Filipino teachers are in Laos, too
VIENTIANE, Laos—Three years ago, this capital city looked like a small municipality in the Philippines with few vehicles and buildings. A different Vientiane welcomed me this time: the main road was now similar to Ayala Avenue in Makati City; new vehicles were on the road; buildings indicated Chinese, Korean, Thai and Japanese investments. Behind those developments, particularly in the education sector, Filipinos can also take their place.
Laos is a popular country for Filipinos and other nationalities based in Thailand who are on a “visa run”—a short stay outside the country where one can apply for a new visa. Usually, Filipinos seeking renewed Thai visas stay there for two days not knowing that Laos is also home to approximately 1,200 Filipinos—mostly teachers, social workers and engineers.
Donna Mabagos from Iloilo City is among the 118 Filipinos teaching in several schools in Vientiane. She arrived in Laos in 2009 via Bangkok as a tourist.
“I was told that Laos needed English teachers. There were already Filipino teachers there, and a friend invited me to try my luck,” Donna recalls.
Upon arriving Vientiane, Donna was surprised that the capital city was far from her expectations. She likened it to a rural town in the Philippines dotted with a few buildings. With only around 6.5 million people as of 2013, Lao is sparsely populated and the concentration is in the capital city.
It took Donna some time to adjust to the new environment. The language was strange and so was the food. Fortunately, Laotians also understand English, although French is more commonly spoken since they were under French colonial rule from the early 19th century until 1945.
“They eat spicy food which we are not used to. So I cook my own food until now. But of course, I am starting to eat Lao food, which I now find delicious,” Donna relates.
“Compared to 2009, Vientiane has improved a lot. I am a witness to the development process,” she says. Not only a witness, Donna has contributed to the education of Laotian children.
Long working hours
She got a job teaching kindergarten at Sopha Bilingual School, a privately owned school established in 2004.
Aside from morning classes at Sopha, she also teaches adult classes in a night school. She also accepts tutorial work.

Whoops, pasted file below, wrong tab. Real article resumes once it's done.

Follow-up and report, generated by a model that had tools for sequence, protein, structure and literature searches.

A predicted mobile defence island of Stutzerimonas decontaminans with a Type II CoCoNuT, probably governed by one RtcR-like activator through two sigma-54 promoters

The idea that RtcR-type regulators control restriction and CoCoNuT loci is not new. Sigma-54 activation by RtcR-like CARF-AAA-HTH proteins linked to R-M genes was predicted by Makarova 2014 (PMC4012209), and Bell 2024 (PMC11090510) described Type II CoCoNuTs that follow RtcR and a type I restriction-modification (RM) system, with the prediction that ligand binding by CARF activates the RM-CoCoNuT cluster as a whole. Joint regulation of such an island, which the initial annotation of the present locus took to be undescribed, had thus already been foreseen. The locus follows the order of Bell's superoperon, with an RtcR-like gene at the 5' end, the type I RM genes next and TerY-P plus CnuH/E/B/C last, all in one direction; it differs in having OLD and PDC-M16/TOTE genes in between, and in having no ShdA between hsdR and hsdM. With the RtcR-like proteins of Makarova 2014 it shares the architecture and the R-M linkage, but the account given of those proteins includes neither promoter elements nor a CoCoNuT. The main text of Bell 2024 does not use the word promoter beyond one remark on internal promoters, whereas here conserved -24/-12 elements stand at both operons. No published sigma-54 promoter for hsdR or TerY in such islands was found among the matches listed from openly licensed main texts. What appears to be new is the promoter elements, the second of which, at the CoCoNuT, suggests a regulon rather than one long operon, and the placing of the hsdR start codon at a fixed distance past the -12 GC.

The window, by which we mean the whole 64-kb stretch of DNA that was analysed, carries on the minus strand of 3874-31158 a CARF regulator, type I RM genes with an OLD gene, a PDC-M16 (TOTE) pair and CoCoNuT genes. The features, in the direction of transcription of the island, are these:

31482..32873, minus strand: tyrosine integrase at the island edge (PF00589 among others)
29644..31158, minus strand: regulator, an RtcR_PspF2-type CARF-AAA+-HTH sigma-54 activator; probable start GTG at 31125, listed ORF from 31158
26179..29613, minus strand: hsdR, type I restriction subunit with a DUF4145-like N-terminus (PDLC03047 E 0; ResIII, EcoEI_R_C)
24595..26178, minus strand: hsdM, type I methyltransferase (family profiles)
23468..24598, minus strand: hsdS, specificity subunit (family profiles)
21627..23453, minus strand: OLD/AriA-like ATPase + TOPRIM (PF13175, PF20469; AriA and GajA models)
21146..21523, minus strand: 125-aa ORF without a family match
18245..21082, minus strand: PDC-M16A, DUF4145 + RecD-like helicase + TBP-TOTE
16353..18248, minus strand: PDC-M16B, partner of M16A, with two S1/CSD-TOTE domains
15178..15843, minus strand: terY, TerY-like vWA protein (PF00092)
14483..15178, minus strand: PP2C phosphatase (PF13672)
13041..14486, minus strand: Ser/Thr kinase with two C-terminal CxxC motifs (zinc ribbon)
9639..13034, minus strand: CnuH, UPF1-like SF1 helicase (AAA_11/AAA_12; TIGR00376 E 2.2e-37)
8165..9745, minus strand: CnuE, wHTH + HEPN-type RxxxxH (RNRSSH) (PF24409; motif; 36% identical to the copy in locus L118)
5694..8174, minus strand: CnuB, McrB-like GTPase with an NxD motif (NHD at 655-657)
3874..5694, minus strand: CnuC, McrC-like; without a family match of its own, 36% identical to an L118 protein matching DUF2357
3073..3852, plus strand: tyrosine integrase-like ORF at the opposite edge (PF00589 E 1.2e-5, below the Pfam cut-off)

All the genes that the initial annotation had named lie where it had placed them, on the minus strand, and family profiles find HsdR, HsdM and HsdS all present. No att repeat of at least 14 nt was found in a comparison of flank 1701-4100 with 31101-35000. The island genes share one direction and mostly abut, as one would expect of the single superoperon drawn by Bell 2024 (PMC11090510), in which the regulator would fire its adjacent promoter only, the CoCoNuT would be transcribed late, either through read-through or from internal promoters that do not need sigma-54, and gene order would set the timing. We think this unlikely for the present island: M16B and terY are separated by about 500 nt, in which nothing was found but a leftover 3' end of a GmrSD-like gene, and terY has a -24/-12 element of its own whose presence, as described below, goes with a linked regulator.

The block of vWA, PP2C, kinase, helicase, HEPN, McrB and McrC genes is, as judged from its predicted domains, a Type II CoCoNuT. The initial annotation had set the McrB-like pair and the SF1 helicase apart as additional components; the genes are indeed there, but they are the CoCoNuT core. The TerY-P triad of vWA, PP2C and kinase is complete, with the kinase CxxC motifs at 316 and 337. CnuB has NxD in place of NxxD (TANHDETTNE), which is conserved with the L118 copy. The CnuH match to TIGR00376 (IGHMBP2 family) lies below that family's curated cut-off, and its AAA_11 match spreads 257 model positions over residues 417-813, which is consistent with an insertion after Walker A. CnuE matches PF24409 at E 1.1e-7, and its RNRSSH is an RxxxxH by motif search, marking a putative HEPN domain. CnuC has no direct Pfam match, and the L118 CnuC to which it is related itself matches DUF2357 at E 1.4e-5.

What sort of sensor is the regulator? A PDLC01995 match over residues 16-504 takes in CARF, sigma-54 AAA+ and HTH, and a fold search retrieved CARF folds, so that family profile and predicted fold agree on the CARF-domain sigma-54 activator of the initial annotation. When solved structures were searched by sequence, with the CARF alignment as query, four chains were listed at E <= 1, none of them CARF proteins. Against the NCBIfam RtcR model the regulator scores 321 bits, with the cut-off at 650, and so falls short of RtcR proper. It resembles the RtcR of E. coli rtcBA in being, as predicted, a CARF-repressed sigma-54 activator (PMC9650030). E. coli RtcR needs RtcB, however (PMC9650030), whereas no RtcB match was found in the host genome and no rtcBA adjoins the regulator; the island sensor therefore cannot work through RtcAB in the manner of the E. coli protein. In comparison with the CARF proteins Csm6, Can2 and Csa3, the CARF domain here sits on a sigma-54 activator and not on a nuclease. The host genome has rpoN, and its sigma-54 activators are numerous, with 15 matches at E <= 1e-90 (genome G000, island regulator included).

Those are long hours of work. Explains Donna: “We need to work. Anyway, we don’t have anything to do at home, since there is only one mall here. ” Night life is just starting to come alive in the city, with a few bars. Many foreigners who want more shopping experiences and night entertainment usually cross the border and go to Udon Thani, center of transportation, a business and tourism center in the Northeast Thailand.
Vientiane is also only 25 kilometers from Nong Khai, another buzzling center in northeast Thailand, accessible by the Thai-Lao Friendship Bridge.
A socialist country, Laos still has curfew hours from 10 p.m. to 5 a.m. But Laos is now opening up to changes to promote tourism.
Donna eventually learned to speak Lao and has no plans to seek work elsewhere.
“The atmosphere here is very laid-back. The people are very friendly. Aside from that, I am proud that I am among the Filipinos teaching English to the young Laotians, the future of Laos,” she says.
Assistance to Filipinos
Many Filipinos entering Laos have legal working papers, but there are also some who entered as tourists and later found work. It took Donna a year to get legal working status.
“Teachers employed here also cross the border to Thailand and make a “U-turn.” They get stamped again for another 30 days in Laos,” Donna explains.
The Philippine Embassy assists nationals process applications for passports, authentication, as well as other consular concerns such as reports of births and marriages of Filipinos abroad, according to Vice Consul Jose Carlo Morales.
But so far, there are not many Filipinos seeking help in the embassy due to their small population.
Diplomatic ties between Laos and the Philippines started during the Vietnam War. The Philippines sent medical help to war victims and refugees, as part of “Operation Brotherhood.” A 50-member Philippine medical team went to Laos in 1957.
According to Morales, the Philippine Embassy was established in 1965 but closed in 1980. It was reopened in 1998, a year after Laos was admitted to the Association of Southeast Asian Nations.
Presently, Maria Lumen Isleta is the Philippine ambassador to Lao People’s Democratic Republic.
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